1. Embrace the process. Put simply, it takes a lot of work to get work. It would be great if you could just post a resume on a job board, have your skills and accomplished noticed, and be recruited for the job of your dreams. Sometimes it happens like that, but less than 10 percent of jobs get filled this way. Instead, for the vast majority, this method is nothing more than a lazy person's pipe dream.
Take a fresh look at what you have been doing. Ask yourself: "What has been working, what isn't working, and what can stand some improvement?" With this insight, you can successfully reboot your job hunt. If you embrace the process of establishing a solid strategy, building your personal brand, targeting jobs that you're highly qualified for, networking in-person, and working social networks like LinkedIn, you will energize your hunt.
2. Share the joy of others' success. By monitoring your LinkedIn status feed you will often see people in your network post new positions they've landed. Use their success as an opportunity to touch base and offer your congratulations. You might ask what they did that helped them in their search the most, and in the course of conversation remind them of specific connections that they can help you establish.
3. Break out of your shell. This is the season of college alumni gatherings, professional organization programs and community events. You never know in advance how a common school bond, interest in a professional development program or shared concern for a nonprofit's cause can build or boost a relationship. But it happens all the time.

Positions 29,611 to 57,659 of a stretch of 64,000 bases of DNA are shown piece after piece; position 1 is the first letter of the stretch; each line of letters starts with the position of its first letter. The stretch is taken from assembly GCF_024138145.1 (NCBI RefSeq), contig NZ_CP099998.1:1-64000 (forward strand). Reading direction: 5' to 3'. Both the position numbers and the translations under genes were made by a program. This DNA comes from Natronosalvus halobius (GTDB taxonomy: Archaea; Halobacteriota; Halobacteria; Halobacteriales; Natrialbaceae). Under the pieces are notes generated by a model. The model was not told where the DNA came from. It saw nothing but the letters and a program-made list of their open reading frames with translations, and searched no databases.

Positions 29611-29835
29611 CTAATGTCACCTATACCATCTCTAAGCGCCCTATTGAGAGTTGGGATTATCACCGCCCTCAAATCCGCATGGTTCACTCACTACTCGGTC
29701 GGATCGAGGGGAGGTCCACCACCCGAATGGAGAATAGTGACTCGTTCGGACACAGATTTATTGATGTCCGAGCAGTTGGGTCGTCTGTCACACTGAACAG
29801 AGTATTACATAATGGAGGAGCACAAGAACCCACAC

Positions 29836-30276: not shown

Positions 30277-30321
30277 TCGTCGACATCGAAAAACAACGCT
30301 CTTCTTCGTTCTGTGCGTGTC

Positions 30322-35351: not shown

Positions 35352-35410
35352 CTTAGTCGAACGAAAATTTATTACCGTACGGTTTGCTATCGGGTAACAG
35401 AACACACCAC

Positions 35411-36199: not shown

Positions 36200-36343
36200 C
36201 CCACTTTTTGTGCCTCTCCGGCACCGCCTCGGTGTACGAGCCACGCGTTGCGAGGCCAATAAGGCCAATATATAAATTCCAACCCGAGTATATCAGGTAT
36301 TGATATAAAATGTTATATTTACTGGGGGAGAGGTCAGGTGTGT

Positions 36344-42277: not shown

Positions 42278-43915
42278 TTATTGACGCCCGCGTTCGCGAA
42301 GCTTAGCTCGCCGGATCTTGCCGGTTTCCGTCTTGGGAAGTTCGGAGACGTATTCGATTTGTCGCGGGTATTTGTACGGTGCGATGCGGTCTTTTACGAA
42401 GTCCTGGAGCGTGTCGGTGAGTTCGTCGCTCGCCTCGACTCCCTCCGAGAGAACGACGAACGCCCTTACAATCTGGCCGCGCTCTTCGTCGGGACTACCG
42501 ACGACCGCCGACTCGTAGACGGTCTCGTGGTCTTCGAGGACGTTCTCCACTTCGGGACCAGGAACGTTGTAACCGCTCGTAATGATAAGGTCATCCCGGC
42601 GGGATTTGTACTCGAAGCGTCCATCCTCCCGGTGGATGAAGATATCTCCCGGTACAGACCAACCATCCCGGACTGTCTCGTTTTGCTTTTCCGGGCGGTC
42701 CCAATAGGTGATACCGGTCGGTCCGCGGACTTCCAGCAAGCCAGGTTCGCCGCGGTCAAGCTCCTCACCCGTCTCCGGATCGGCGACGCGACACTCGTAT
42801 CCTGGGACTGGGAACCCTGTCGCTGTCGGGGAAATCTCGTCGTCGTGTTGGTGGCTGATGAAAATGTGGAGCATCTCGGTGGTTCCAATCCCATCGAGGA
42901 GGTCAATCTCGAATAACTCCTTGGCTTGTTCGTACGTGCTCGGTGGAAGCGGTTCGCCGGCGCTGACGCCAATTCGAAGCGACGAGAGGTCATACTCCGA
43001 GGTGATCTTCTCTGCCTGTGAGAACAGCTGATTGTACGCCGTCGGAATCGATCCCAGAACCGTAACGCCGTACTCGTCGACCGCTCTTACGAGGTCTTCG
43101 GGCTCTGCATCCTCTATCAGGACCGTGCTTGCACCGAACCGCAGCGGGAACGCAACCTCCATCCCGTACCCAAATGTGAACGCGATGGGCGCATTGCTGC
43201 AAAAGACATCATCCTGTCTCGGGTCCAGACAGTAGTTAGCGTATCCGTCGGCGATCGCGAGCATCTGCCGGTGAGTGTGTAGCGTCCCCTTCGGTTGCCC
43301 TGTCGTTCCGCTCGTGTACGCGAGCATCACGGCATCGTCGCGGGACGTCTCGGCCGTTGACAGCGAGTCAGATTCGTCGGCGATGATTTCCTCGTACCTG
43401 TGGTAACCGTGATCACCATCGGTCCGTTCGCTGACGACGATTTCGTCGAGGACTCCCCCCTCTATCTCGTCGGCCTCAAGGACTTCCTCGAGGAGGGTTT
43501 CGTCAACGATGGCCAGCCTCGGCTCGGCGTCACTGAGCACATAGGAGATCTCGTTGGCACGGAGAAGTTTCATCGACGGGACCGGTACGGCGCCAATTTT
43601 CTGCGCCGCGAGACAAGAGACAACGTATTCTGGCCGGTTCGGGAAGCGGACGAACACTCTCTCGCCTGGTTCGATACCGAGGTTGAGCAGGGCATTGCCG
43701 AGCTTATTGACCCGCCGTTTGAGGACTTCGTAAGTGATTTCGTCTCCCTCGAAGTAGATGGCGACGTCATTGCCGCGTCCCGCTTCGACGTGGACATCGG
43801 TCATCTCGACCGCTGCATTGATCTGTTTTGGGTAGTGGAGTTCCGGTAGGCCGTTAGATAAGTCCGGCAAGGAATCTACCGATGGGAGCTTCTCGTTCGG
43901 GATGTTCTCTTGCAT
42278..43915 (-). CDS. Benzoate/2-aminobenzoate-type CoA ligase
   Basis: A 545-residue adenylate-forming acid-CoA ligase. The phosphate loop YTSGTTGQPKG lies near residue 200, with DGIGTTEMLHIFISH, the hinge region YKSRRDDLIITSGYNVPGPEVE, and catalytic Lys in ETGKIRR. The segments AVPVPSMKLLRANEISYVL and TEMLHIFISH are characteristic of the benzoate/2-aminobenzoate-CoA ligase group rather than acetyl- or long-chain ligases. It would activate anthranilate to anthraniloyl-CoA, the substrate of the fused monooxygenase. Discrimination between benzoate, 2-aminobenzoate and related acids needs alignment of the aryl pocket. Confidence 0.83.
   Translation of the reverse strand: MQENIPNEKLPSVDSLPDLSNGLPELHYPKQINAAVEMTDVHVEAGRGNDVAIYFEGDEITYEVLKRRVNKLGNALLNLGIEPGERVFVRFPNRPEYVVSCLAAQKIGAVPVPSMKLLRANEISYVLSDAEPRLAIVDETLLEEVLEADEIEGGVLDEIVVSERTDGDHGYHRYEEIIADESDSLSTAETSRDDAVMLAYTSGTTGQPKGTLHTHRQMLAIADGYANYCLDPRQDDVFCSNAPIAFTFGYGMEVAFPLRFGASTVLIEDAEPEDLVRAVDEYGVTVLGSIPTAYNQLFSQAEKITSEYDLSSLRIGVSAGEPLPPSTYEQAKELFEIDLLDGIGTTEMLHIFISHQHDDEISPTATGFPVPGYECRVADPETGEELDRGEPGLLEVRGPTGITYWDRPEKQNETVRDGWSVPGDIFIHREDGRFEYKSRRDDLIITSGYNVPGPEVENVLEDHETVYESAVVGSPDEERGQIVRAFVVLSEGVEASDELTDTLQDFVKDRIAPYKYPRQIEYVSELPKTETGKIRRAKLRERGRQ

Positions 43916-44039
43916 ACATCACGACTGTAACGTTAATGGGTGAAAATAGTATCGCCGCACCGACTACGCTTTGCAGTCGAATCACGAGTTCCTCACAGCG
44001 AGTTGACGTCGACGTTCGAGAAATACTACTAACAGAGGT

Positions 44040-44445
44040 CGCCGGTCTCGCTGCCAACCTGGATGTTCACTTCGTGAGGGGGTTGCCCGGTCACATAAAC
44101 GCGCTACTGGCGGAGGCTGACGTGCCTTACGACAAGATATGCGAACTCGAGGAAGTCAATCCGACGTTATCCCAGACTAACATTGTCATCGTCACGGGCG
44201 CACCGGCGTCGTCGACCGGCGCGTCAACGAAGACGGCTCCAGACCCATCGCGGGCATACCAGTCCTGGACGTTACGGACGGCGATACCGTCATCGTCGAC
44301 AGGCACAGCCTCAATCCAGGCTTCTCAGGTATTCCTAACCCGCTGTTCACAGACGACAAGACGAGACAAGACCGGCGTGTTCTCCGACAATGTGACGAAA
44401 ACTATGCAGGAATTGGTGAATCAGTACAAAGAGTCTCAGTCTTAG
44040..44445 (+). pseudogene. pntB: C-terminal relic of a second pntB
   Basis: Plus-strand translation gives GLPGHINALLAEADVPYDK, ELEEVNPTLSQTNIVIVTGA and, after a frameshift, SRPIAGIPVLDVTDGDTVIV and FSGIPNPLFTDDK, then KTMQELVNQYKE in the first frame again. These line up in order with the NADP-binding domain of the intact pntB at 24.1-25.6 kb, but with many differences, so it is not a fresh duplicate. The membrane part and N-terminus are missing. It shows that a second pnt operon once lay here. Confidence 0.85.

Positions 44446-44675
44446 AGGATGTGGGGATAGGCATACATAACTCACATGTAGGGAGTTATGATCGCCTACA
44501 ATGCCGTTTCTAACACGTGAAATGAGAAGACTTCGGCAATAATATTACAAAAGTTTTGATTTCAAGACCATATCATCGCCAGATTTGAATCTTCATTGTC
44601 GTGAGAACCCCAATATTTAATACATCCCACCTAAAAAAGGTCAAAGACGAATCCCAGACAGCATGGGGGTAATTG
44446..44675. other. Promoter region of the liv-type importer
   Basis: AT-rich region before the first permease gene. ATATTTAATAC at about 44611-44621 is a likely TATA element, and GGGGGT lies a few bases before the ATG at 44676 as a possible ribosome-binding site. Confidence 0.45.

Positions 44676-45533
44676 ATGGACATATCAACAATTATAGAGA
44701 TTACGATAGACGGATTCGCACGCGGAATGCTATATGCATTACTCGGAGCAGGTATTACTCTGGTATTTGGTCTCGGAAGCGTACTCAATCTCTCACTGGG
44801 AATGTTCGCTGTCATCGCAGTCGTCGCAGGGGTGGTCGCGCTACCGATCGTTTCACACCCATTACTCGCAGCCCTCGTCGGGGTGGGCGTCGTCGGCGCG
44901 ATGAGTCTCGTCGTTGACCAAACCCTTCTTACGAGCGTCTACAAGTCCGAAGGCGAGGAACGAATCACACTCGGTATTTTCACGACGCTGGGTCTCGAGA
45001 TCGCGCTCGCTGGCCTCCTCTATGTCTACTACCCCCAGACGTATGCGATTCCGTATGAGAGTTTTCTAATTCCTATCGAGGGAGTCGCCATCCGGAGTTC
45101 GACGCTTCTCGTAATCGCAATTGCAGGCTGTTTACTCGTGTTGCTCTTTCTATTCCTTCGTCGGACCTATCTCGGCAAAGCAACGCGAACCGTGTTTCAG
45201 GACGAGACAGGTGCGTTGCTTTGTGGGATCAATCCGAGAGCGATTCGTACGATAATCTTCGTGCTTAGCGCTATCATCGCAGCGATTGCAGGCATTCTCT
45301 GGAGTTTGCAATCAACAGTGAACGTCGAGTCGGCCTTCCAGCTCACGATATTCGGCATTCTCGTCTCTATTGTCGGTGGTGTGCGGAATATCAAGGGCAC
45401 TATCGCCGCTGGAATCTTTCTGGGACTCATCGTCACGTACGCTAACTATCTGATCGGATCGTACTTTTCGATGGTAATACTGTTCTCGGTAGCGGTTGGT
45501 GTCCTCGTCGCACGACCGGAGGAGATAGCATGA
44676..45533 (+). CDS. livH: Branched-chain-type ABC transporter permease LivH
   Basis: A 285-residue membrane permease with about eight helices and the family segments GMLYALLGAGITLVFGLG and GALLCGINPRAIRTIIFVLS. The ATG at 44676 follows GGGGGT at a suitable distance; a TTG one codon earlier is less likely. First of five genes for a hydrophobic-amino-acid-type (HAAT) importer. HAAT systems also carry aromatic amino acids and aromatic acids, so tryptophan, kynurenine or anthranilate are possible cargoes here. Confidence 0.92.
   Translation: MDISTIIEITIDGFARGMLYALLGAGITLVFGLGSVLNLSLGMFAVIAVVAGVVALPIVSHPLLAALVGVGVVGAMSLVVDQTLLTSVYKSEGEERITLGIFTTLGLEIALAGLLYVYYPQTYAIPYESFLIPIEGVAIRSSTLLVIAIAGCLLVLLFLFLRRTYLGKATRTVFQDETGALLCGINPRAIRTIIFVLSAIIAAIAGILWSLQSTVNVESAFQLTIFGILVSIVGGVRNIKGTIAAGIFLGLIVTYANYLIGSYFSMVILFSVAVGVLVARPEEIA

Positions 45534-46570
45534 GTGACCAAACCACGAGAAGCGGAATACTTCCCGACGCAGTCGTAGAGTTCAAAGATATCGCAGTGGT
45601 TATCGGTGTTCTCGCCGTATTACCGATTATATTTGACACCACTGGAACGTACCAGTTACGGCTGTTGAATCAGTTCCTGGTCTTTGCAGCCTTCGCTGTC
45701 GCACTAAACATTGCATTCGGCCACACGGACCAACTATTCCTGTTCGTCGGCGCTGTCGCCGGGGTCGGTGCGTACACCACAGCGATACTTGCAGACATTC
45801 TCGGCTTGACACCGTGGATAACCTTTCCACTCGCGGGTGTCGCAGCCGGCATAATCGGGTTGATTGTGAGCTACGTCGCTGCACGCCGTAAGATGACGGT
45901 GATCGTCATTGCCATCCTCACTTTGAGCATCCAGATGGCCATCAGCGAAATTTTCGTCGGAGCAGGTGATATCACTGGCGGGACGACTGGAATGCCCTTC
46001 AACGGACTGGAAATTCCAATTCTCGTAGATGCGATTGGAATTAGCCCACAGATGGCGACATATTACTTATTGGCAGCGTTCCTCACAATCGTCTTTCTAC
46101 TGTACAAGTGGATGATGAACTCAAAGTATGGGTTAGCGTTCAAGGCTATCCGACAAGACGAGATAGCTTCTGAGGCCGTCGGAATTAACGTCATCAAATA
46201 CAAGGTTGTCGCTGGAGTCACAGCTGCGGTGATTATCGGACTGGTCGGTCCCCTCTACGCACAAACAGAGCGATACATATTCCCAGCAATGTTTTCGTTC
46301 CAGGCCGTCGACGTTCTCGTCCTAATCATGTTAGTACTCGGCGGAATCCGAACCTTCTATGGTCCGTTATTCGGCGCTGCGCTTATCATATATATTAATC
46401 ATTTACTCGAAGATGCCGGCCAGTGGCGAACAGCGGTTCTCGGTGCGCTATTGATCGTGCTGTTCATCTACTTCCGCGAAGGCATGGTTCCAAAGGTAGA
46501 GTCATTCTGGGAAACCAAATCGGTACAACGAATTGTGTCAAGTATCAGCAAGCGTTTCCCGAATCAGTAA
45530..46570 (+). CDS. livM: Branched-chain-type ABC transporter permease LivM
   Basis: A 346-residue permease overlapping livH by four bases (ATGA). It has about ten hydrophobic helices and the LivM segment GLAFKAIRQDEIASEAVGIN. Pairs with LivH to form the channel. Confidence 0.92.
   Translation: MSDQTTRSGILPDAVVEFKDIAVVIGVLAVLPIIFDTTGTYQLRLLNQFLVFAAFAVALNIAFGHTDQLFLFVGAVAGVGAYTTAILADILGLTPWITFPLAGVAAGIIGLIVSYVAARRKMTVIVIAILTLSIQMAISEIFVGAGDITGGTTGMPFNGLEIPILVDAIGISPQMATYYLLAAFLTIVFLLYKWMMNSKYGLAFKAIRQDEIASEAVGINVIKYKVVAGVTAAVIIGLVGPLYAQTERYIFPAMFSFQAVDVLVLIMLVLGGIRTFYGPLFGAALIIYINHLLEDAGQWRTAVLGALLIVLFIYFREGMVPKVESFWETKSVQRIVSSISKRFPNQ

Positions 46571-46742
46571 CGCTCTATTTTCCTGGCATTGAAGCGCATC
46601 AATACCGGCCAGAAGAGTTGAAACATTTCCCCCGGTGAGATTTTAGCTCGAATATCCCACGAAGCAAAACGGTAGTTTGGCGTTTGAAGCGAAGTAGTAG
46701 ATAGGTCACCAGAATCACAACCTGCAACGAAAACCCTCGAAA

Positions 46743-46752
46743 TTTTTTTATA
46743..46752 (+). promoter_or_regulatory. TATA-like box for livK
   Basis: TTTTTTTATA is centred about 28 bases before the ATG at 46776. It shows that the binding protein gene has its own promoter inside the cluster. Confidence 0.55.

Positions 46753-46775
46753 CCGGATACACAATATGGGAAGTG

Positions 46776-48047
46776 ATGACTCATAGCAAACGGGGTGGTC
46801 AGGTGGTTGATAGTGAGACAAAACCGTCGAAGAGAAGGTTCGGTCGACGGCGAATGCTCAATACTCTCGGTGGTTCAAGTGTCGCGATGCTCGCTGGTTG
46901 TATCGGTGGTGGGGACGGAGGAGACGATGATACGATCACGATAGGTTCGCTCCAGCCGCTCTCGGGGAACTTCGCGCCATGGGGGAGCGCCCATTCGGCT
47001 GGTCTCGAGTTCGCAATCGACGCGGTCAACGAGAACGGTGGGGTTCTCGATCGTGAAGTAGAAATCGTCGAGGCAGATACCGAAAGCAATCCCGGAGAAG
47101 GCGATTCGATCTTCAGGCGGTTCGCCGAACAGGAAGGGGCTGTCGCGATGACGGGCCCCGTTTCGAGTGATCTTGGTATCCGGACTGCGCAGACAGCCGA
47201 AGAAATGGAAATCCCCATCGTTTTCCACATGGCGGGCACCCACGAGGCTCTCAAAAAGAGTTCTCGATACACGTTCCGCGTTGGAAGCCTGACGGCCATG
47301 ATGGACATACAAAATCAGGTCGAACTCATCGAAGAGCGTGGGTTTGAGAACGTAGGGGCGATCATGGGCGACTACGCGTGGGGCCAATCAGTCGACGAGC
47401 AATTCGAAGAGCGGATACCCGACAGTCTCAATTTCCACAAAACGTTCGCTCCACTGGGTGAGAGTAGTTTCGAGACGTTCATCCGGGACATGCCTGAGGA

This is also a great time to check out Meetup.com for groups in your area. The site makes it easy to sort events by date, location (within five or 10 miles of your zip code) and common interest/activity. Groups abound not only in Career and Business categories, but also in just about any other interest, hobby, cause or activity imaginable.
4. Volunteer. In springtime, nonprofit organizations push to obtain new volunteers for their programs and fundraising efforts. It's great to get some volunteer experience on your resume, especially if by doing so you're somehow utilizing your professional skills.
Offering your time and talent to a great cause or group is a proven path not only for "doing good," but for your own professional development. Often, organizations hire people who have volunteered with them. Moreover, it is a way for you to create relationships with others involved with the organization, including donors or other participants who have connections in their own businesses and elsewhere.
5. Get some exercise. Maybe you aren't the person who has been running on a treadmill in a gym or taking Zumba classes all winter. But with the better weather, now is a great time of year to go outside. Take a stroll or brisk walk a few times a week, ride your bike, or engage in other fresh air activities. The cost can be minimal, or even free—a price that even those on the tightest of budgets can afford. As you get into better shape and get the endorphins flowing, you'll feel better about yourself, look better to others, and be in a better frame of mind to do everything else related to a job hunt.
Arnie Fertig is the head coach of JOBHUNTERCOACH.COM, where he utilizes his extensive background in HR Staffing and as owner of a recruiting company to help mid-career job-hunters land their next job. Arnie provides one-to-one coaching services to individuals throughout the U.S. in all aspects of the job hunt, including: resume writing, personal branding, utilizing social media, enhancing networking skills, preparing for interviews, and negotiating compensation.